Fox News: The Pop-Up Kiddie Book of TV News

Everyone knows that Fox News is a delivery vehicle for rightist propaganda and disinformation. But did you also know that Fox News provides an object lesson on how to talk to viewers of Fox News (who would know better)? It requires a unique style of communication that has more in common with childrens’ books than with a mature dialogue of substance. Take for example…

Let’s set aside the tragic and senseless loss of a perfectly good cartoon beer. That, while unfortunate, could happen to anyone. I myself had an imaginary Klondike Bar get away from me last week. But there are more profound matters in evidence here.

In this video, Jenna Lee, an anchor on the Fox Business Network, employs a touch screen monitor to illustrate the complexities of the economy. Many television journalists use this technology, but most endeavor to have it enhance their presentation. They will display charts or other graphic objects and, through juxtaposition and visual association, they strive to clarify their reporting and add to their commentary.

Fox News, however, has different needs. They know that they cannot burden their enfeebled fan base with difficult facts and data. The Fox method is not to inform, but to simplify, so that even the most intellectually challenged viewer can grasp at least part of the report.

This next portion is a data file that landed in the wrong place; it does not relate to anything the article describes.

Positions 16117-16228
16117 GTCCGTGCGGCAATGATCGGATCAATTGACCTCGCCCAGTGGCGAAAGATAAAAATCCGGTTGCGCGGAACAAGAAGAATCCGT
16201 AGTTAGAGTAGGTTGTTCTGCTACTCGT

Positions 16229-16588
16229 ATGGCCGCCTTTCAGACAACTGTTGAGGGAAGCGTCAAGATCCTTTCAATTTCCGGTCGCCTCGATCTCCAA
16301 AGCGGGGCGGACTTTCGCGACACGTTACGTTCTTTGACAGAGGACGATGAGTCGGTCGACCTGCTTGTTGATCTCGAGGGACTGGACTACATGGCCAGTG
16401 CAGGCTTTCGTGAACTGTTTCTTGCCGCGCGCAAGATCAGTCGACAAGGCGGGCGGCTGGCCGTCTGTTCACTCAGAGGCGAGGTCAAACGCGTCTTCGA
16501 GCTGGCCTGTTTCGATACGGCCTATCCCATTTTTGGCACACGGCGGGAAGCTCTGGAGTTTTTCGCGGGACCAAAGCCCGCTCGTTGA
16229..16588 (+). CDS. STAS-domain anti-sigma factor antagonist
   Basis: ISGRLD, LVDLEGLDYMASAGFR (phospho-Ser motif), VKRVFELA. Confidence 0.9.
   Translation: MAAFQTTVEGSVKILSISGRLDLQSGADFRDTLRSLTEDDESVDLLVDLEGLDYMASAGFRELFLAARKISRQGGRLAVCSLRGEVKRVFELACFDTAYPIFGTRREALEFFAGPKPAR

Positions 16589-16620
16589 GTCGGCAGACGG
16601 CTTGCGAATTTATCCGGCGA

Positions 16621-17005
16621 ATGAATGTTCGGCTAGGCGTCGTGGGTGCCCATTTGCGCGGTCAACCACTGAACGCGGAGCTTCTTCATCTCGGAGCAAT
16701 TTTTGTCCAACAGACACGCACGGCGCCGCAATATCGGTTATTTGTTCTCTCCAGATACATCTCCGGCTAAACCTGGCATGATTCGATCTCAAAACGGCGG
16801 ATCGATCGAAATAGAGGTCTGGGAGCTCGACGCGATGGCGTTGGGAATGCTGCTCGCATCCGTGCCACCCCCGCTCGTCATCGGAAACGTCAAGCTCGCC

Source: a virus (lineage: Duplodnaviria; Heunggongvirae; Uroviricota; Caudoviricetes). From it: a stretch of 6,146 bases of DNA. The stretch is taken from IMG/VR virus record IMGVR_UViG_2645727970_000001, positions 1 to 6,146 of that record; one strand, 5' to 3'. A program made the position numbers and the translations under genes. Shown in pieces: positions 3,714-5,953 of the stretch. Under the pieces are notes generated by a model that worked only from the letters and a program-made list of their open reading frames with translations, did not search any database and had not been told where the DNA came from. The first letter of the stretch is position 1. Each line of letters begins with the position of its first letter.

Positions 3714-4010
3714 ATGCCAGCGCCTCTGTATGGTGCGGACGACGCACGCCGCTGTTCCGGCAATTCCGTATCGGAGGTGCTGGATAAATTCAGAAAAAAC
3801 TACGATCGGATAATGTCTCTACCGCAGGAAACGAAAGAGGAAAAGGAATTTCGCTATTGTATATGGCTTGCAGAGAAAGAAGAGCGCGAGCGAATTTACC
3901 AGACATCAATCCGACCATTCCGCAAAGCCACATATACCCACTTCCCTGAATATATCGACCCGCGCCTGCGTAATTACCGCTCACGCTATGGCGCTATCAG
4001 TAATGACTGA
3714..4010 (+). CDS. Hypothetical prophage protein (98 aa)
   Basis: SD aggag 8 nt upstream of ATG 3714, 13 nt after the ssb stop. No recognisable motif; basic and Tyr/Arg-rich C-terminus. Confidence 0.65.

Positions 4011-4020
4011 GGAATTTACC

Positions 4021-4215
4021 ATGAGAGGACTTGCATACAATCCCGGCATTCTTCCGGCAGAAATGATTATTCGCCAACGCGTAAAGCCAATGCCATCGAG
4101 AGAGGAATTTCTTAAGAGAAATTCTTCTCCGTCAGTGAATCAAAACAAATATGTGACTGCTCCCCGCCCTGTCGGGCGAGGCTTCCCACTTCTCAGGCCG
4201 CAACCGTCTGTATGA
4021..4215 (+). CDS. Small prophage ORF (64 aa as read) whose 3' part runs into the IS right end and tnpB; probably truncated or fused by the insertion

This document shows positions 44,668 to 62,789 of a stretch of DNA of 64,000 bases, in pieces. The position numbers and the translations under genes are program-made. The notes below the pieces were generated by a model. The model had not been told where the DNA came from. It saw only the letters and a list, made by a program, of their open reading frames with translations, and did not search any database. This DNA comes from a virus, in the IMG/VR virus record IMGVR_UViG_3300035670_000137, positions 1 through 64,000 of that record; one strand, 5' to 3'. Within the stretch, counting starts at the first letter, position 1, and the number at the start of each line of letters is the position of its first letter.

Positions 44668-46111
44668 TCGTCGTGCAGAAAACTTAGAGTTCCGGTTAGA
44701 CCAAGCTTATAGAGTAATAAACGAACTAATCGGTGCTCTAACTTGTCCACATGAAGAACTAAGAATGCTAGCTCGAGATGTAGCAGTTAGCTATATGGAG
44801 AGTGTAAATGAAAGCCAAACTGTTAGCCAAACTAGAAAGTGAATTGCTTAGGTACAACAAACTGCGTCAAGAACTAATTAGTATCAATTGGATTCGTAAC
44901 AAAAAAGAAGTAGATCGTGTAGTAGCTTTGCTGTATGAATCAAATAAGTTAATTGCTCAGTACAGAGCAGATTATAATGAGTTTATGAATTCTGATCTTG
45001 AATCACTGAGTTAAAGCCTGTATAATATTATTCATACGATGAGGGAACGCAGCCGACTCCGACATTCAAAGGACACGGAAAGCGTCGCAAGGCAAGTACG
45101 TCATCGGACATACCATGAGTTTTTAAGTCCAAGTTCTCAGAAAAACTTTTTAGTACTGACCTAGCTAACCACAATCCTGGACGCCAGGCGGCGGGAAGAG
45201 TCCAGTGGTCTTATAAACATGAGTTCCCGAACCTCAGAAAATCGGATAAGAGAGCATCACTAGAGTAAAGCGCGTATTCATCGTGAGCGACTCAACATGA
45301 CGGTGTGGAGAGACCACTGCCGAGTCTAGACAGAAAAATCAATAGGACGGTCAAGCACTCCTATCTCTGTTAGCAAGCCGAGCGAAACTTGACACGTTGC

Notice how Lee takes advantage of the expensive video display she is using. When she gets to the part of her script that discusses the cost of cookies, she pulls a virtual cookie from her virtual shopping cart and enlarges it so that everyone watching at home knows precisely what she is talking about. Look at that, it’s a cookie! She does the same with the uncooperative bottle of beer. Sadly, she fails with the jar of peanut butter, so I wonder what the confounded home viewers must have thought without their visual aid. And when her screen froze I imagined something similar occurring in the brains of the audience.

On other TV news networks they generally presume that their audience knows what a cookie looks like and that explicit visual clues would be superfluous. But on Fox, no such presumptions are employed, and for good reason. Considering the fact that their audience still believes that President Obama is a foreign-born Muslim who advocates euthanasia for the elderly, and that Sarah Palin and Joe the Plumber are statesmen, Fox really has to gear their programming to the toddler demographic.

This is another explanation for the fierce loyalty of Fox News viewers. Where else can they get remedial news broadcasts that permit them to feel adequate and capable of (mis)understanding current events all by themselves?


One thought on “Fox News: The Pop-Up Kiddie Book of TV News

  1. If you consider Fox News “propaganda” what do you call the other networks?

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